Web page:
The Spotted Lanternfly (Lycorma delicatula), a native of Asia, has emerged as a highly invasive insect with the potential to wreak havoc on agricultural crops and native ecosystems here in North America. This planthopper was first discovered in southeastern Pennsylvania in 2014, where it was found feeding on a Tree of Heaven (Ailanthus altissima). The initial introduction of SLF to the region is believed to have occurred in 2012, most likely through egg masses hitchhiking on stone shipments near Philadelphia. Since then, this destructive insect has rapidly spread to 11 states as of January 3, 2022.

The Spotted Lanternfly on its host plant.

Identification of Spotted Lanternfly

Adult SLF are visually striking, measuring approximately one inch long and one-half inch wide. The front wings display a gray color adorned with black spots, while the hind wings exhibit striking shades of red, black, and white. Its head and legs are black, and the abdomen is characterized by broad black bands against a yellow backdrop. The SLF life cycle comprises four nymphal stages, an adult stage, and overwintering as egg masses. Adults are typically present from July until the first frost. Recognizing egg masses is crucial for early detection; they are about one inch long and resemble a glossy smear of mud, often found on various surfaces like trees, rusty metal, plastic yard objects, cars, and trailers.

Rapid Dispersal Mechanism

SLF has demonstrated an impressive ability to move considerable distances through various means. On their own, these insects can travel 3 to 4 miles by walking, jumping, and flying. However, their widespread dispersion is primarily facilitated by hitchhiking at all life stages. Nymphs and adults have been known to fly into open windows or the back of trucks, while egg masses can be found on a myriad of outdoor surfaces.

SLF Invasion in Ohio

In Ohio, SLF was first detected and established in Mingo Junction in October 2020. Subsequently, several populations were found in Cuyahoga County in September 2021. In response to the threat posed by this invasive species, the Ohio Department of Agriculture (ODA) has implemented a quarantine for the affected counties of Jefferson and Cuyahoga.

Impact and Concerns

The SLF’s primary mode of feeding is by extracting sugary sap from woody plants using a piercing-sucking mouthpart, akin to a straw. Although adults primarily target the Tree of Heaven, they have demonstrated a voracious appetite and have been found feeding on over 100 different plant species, including grapes, black walnut, maples, willow, river birch, black cherry, tulip poplar, and some fruit trees. The consequences of large SLF populations can be severe, leading to weeping wounds on plants and increasing their vulnerability to canopy dieback, pests, and diseases. Consequently, the viticulture, tree fruit, nursery, and timber industries face significant threats from this invasive pest.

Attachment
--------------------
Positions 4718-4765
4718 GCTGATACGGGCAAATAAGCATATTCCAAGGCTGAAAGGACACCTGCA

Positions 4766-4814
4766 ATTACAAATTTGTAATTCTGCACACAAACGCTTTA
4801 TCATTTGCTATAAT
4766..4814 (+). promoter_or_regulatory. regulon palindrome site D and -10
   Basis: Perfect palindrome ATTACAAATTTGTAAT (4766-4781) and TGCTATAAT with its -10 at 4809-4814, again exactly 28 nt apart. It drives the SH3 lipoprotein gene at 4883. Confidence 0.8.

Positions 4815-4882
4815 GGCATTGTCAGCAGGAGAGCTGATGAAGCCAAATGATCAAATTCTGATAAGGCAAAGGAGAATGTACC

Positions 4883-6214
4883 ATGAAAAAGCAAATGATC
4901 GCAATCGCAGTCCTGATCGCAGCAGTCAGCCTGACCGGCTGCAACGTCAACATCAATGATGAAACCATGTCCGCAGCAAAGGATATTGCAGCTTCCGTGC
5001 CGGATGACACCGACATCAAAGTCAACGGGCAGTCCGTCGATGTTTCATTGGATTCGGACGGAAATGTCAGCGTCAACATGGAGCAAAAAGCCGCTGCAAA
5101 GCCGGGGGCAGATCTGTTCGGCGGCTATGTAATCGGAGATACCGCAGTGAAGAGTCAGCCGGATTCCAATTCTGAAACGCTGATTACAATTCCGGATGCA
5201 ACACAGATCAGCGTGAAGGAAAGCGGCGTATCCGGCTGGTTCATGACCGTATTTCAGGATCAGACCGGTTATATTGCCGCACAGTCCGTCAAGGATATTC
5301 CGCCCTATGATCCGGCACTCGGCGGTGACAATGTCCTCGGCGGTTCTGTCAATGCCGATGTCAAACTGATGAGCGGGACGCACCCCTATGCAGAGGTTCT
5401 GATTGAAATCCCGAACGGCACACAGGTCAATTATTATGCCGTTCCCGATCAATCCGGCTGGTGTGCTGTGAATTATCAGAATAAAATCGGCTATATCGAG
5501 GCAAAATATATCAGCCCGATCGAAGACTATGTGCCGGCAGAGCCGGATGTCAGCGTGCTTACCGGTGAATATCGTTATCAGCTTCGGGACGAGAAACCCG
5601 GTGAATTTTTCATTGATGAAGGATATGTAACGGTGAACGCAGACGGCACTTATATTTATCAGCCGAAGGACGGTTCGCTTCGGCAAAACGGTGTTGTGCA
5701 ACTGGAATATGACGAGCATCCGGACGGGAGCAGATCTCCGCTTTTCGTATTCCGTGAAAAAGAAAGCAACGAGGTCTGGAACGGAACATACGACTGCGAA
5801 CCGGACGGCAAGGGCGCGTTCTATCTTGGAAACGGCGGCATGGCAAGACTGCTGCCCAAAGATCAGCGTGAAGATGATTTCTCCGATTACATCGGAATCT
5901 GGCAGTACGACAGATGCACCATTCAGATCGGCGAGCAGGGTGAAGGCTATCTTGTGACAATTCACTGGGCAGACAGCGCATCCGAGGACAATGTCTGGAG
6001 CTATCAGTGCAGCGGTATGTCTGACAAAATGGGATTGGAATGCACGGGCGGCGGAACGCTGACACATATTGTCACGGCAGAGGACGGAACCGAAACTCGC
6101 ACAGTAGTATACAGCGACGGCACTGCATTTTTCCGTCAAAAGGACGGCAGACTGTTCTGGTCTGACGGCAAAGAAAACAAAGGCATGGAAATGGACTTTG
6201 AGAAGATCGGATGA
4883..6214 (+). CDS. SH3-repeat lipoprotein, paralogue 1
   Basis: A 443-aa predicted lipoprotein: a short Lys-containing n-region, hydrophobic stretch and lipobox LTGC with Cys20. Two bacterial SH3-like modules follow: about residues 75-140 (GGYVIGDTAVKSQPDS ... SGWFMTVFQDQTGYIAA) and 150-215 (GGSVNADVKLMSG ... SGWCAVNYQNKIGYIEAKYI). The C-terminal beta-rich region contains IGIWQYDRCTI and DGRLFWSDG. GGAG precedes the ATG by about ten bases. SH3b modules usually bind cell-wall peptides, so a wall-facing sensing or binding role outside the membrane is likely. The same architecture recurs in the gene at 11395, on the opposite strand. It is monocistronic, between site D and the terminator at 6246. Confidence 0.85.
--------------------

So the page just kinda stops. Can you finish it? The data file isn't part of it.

Apart from the agricultural impacts, SLF’s proliferation can also cause nuisance problems. The insects excrete excessive sugar-water or honeydew, leading to the formation of sooty mold fungi, which can damage plants and cover outside surfaces. This attraction to sweetness also draws bees and wasps, elevating the risk of stings and posing safety concerns for humans.

The Role of Cleveland Metroparks

In the battle against SLF, early detection is key to safeguarding natural resources. Cleveland Metroparks has been actively involved in conducting surveys since 2020 to identify locations of Tree of Heaven and to spot potential SLF infestations.

A Spotted Lanternfly excreting a drop of Honeydew.

How Can the Public Help?

Individuals can play an essential role in monitoring and reporting SLF populations. Downloading the Great Lakes Early Detection (GLEDN) application, available on both iOS and Android, allows people to document populations of Tree-of-Heaven and contribute to early detection efforts. The OSU extension Webinar link provides valuable insights into using the GLEDN app effectively.

Report Suspected SLF Infestations

If anyone suspects a spotted lanternfly infestation at any life stage, it is important to take a picture or collect a sample and report the finding to the ODA Plant Pest Control form. Reports can be sent to or call 614-728-6400.

By remaining vigilant and actively participating in the fight against the Spotted Lanternfly, communities can protect their valuable crops, natural habitats, and quality of life from the threats posed by this highly invasive insect. We enjoy sharing information like this to help spread the word about news that impacts our environment. Keep the good word going and share this post with a friend!